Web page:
Smoking cessation reduces stress and anxiety
New research turns the commonly held ideas that smoking is an escape valve for stress and that quitting can make you feel more anxious on its head.
In fact, the opposite is true as smokers who have success giving up smoking feel less stressed.
The British Journal of Psychiatry published a study whose authors said: “The belief that smoking is stress relieving is pervasive, but almost certainly wrong. The reverse is true: smoking is probably anxiogenic [causes anxiety] and smokers deserve to know this and understand how their own experience may be misleading.”
The researchers kept tabs on 491 smokers who attended NHS stop smoking clinics in England. The smokers took part in eight weekly meetings and were given a nicotine patch.
Of those who took part, 106 or 21.6% had been diagnosed with mental health issues, the main ones being anxiety and mood swing problems.
At the beginning of the study everyone taking part was asked why they smoked, whether it was ‘mainly for pleasure’, ‘mainly to cope’ or ‘about equal’.
A half year after the trial began, 14 per cent or 68 smokers had succeeded in abstaining from smoking. The study discovered a notable difference in the anxiety levels between those participants who had stopped smoking and those who had taken it up again.
Everyone who had refrained from smoking exhibited a drop in anxiety levels, and those participants who said they smoked to cope with life showed a “significant” fall off in anxiety when evaluated against those who chose to smoke for pleasure.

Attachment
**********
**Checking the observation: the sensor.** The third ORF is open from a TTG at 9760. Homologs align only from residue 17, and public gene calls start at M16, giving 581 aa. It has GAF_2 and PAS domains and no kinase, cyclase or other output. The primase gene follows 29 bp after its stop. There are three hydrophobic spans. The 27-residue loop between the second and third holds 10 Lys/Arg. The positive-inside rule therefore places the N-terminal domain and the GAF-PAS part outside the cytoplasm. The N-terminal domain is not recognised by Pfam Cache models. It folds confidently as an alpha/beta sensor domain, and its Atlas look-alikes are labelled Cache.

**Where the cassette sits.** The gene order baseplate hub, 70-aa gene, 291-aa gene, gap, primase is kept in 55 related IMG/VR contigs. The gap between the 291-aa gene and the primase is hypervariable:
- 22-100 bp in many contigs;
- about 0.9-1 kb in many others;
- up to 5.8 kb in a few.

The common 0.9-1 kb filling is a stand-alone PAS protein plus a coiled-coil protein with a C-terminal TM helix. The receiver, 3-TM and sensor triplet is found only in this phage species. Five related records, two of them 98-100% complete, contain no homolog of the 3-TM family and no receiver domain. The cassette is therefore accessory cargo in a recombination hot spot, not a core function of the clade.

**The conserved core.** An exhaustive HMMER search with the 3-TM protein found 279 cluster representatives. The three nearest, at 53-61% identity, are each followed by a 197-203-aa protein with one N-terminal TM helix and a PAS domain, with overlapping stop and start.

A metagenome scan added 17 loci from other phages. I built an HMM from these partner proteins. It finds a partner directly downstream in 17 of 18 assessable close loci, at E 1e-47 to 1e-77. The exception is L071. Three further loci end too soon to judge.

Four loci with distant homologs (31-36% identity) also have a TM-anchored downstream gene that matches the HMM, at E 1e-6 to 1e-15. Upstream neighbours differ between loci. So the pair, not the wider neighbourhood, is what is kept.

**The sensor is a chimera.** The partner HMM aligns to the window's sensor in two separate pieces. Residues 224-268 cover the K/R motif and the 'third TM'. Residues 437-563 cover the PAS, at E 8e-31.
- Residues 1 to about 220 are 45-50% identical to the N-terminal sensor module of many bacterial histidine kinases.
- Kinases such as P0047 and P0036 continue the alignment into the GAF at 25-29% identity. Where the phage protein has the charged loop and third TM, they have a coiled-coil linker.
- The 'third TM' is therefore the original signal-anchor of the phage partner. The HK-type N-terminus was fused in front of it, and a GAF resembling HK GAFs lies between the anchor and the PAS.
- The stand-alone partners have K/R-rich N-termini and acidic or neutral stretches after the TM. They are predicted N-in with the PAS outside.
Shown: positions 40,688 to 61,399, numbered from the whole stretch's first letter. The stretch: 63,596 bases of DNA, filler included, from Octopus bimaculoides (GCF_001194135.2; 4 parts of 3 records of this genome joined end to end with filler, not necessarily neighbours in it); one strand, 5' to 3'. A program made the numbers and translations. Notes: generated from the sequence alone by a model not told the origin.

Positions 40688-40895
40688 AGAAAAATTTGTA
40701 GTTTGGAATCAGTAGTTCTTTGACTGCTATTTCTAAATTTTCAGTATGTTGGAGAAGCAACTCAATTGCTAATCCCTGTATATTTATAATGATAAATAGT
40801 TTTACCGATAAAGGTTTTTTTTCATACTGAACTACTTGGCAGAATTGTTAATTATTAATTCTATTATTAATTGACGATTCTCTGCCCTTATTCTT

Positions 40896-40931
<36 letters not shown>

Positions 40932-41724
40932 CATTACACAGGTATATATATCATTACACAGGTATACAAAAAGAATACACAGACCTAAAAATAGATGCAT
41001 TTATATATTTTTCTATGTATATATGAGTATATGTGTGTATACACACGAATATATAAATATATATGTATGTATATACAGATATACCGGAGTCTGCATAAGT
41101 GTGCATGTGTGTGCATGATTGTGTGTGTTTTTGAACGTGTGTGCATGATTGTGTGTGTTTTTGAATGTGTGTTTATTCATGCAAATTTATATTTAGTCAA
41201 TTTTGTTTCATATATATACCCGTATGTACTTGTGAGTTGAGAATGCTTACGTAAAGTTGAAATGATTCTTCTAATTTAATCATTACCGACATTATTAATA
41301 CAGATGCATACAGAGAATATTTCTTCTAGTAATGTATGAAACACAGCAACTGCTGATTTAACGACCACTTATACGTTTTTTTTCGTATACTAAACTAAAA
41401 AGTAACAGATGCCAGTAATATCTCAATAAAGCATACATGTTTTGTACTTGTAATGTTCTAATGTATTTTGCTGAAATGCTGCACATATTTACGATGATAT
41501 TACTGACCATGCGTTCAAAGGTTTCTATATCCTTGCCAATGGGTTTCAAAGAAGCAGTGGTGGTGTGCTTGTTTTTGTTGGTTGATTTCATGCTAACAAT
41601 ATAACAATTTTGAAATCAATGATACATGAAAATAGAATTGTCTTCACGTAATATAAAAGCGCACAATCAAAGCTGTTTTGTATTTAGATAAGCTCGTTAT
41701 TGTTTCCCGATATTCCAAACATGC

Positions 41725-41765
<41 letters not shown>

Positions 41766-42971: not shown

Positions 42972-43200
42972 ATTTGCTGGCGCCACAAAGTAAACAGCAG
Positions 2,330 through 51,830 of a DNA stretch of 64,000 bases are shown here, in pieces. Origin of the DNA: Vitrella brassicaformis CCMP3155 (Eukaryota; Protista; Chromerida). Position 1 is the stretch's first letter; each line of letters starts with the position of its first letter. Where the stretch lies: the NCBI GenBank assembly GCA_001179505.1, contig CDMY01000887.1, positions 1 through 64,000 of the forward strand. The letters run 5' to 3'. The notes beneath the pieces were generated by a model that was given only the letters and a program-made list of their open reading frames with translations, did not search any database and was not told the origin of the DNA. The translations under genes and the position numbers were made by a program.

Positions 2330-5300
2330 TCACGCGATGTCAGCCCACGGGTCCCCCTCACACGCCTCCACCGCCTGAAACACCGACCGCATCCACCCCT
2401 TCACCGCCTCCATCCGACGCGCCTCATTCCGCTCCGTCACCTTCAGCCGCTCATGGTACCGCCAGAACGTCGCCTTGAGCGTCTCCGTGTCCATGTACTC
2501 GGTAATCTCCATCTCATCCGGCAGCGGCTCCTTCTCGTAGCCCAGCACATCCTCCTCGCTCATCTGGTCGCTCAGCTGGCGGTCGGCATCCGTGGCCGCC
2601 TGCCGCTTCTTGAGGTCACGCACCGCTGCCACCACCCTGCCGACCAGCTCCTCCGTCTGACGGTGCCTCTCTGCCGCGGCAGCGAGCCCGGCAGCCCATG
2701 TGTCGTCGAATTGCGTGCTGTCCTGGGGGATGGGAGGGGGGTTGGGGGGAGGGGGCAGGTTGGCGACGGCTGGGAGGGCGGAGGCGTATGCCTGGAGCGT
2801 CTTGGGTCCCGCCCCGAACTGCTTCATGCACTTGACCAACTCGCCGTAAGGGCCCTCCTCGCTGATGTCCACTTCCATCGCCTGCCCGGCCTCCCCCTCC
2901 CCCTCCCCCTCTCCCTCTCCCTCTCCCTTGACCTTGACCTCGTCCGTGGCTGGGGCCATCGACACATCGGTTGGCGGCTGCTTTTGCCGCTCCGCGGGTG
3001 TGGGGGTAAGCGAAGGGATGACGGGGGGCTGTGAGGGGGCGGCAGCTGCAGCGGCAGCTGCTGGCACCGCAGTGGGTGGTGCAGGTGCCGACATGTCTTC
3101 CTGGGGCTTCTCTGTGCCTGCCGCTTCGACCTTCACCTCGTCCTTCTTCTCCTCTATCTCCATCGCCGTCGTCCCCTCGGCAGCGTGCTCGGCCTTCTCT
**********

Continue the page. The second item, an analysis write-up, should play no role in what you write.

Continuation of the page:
Of the smokers who took up the habit again, the ones who did it for pleasure demonstrated no alteration in anxiety levels, while those who said they smoked to cope and the ones diagnosed with psychiatric disorders exhibited an increase.
Commenting on the study’s findings the researchers said that participants who smoked to cope were more inclined to smoke a cigarette quickly after getting up in the morning, which the researchers said was a habit “to stave off withdrawal symptoms, which include anxiety. When these participants stopped smoking, they eliminated these daily incidents of anxiety.
Of those smokers who took up the habit again and demonstrated higher levels of anxiety, the researchers said: “There is no obvious causal mechanism other than those who relapse feeling concern arising from the continuing health risks of their smoking.”
In conclusion the researchers said: “In summary, stopping smoking probably reduces anxiety and the effect is probably larger in those who have a psychiatric disorder and who smoke to cope with stress.
“A failed quit attempt may well increase anxiety to a modest degree, but perhaps to a clinically relevant degree in people with a psychiatric disorder and those who report smoking to cope.
“Clinicians should reassure patients that stopping smoking is beneficial for their mental health, but they may need to monitor for clinically relevant increases in anxiety among people who fail to attain abstinence.”
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